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  • Rubashovs Actions
    746 words
    The Saving Grace of Rubashov Despite its brevity Darkness at Noon by Arthur Koestler packs an enormous amount of thought provoking dialog and insight into what may go through the mind of someone who is going through an extreme ordeal. One theme which ran throughout the book was Rubashovs actions that were taken as matters of self-preservation and what he must do to atone for them. The first instance of this was on page 45 where he asked if it is necessary to pay for deeds that were necessary and...
  • Rubashov's Confession
    977 words
    Darkness At Noon In the novel, Darkness at Noon, by Koestler, Rubashov learns about himself, and makes an effort to cross the hazy lines between his conscience and his beliefs. Rubashov's realization of the individual aspect of morality is a gradual process, satisfying his internal arguments and questions of guilt. His confession to Gletkin reflects the logic that Rubashov had used (both by himself and his political regime), as well as his internal conflicts. He questioned the inferior value of ...
  • Communist Doctrine The Individual
    1,186 words
    The Conflict Between the Individual and the State and the Grammatical Fiction in Darkness At Noon 'The Party denied the free will of an individual-and at the same time exacted his willing self-sacrifice. ' The obvious contradiction of the above definition of the Communist party is depicts the conflict between the individual and the State in Arthur Koestler's novel Darkness at Noon. Koestler's protagonist Nicolas Salamanovich Rubashov, devout communist and former leader of the Communist party, fa...
  • Wrong Rubashov
    437 words
    In Darkness at Noon, by Arthur Koestler, the detailed story of Nicolas Salmanovich Rubashov is displayed. Rubashov, now in prison for political divergences, is torn between the evolving policies of the Party and his own ideology. Basically, he must choose between life (Party policy) and death (his own beliefs). During his incarceration, Rubashov unwraps his every thought. This gives the reader great insight into why Rubashov eventually admits to all charges, despite their falsehood, and is marty...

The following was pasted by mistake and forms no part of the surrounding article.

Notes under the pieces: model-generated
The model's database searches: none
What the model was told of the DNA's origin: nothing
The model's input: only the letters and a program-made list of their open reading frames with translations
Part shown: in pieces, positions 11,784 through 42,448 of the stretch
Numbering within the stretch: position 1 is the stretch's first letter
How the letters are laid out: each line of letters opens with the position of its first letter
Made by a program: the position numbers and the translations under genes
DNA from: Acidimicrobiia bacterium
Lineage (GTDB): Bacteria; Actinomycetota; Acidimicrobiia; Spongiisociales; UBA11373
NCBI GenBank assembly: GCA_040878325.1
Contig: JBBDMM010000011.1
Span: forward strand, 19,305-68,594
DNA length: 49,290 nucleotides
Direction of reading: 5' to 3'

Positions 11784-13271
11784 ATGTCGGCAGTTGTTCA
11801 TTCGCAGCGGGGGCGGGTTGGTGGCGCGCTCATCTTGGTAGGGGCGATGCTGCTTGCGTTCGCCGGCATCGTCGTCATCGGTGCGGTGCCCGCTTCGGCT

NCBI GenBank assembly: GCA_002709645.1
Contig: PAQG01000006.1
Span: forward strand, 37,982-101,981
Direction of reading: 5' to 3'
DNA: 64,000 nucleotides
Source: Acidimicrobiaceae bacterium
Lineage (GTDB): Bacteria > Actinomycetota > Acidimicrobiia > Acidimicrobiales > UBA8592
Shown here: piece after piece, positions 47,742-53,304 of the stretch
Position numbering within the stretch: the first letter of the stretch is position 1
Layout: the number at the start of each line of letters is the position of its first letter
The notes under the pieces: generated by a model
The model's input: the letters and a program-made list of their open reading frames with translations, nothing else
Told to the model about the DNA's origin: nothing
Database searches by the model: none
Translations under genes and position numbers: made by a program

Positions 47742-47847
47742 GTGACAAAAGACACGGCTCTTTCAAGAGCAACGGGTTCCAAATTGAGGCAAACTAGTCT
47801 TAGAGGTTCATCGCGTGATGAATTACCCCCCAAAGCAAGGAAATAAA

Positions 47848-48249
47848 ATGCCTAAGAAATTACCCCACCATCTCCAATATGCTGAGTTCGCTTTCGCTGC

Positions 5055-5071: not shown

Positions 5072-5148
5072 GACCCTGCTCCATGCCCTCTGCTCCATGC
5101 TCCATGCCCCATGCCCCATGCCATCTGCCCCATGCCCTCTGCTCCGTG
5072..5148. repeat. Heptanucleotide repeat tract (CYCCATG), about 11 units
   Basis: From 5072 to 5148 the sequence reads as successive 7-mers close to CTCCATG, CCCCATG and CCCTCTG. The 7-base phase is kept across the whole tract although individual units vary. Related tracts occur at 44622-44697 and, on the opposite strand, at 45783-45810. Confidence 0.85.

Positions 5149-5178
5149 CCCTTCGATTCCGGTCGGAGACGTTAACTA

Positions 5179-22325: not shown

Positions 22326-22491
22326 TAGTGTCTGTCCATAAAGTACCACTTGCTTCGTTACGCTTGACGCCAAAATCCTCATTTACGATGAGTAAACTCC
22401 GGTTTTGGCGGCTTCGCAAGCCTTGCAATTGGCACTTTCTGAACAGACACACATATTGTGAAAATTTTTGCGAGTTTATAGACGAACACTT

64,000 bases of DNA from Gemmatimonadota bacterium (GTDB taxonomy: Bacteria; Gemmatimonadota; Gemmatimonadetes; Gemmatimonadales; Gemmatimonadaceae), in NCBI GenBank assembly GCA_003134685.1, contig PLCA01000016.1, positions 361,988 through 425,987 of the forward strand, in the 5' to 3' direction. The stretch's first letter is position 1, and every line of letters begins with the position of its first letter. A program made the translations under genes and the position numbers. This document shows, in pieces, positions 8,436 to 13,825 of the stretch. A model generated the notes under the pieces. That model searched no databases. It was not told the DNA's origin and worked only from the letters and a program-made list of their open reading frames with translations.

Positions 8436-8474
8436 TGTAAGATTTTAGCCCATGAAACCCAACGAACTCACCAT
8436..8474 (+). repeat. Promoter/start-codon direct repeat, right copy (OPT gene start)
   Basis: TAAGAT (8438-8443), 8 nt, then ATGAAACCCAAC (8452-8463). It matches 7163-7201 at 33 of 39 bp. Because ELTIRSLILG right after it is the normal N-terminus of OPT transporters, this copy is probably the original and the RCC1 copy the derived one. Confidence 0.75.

• Rubashov As A Member Of The Party
    999 words
    Arthur Koestler: Darkness at Noon Revolutionary and political ethics Darkness at Noon is the second novel of a trilogy, which revolves around the central theme of revolutionary ethics, and of political ethics in general: the problem whether, or to what extent, a noble ends justifies ignoble means, and the related conflict between morality and expediency. The theme of the novel relates to the ever-present predicament faced by the leaders of any political party or revolutionary movement, from the ...
  • Rubashov's Interrogators
    1,127 words
    Before addressing one of the finest examples of modern literature, let's get one thing out of the way: President Bill Clinton bears no resemblance to Rubashov, the protagonist in Arthur Koestler's classic Darkness at Noon. At least not a positive one which he wanted aide Sidney Blumenthal to believe when he compared his own prosecution to that of Rubashov. Briefly, both men pleaded innocent before ultimately admitting their guilt. That's about where the similarity ends. Although certainly guilty...

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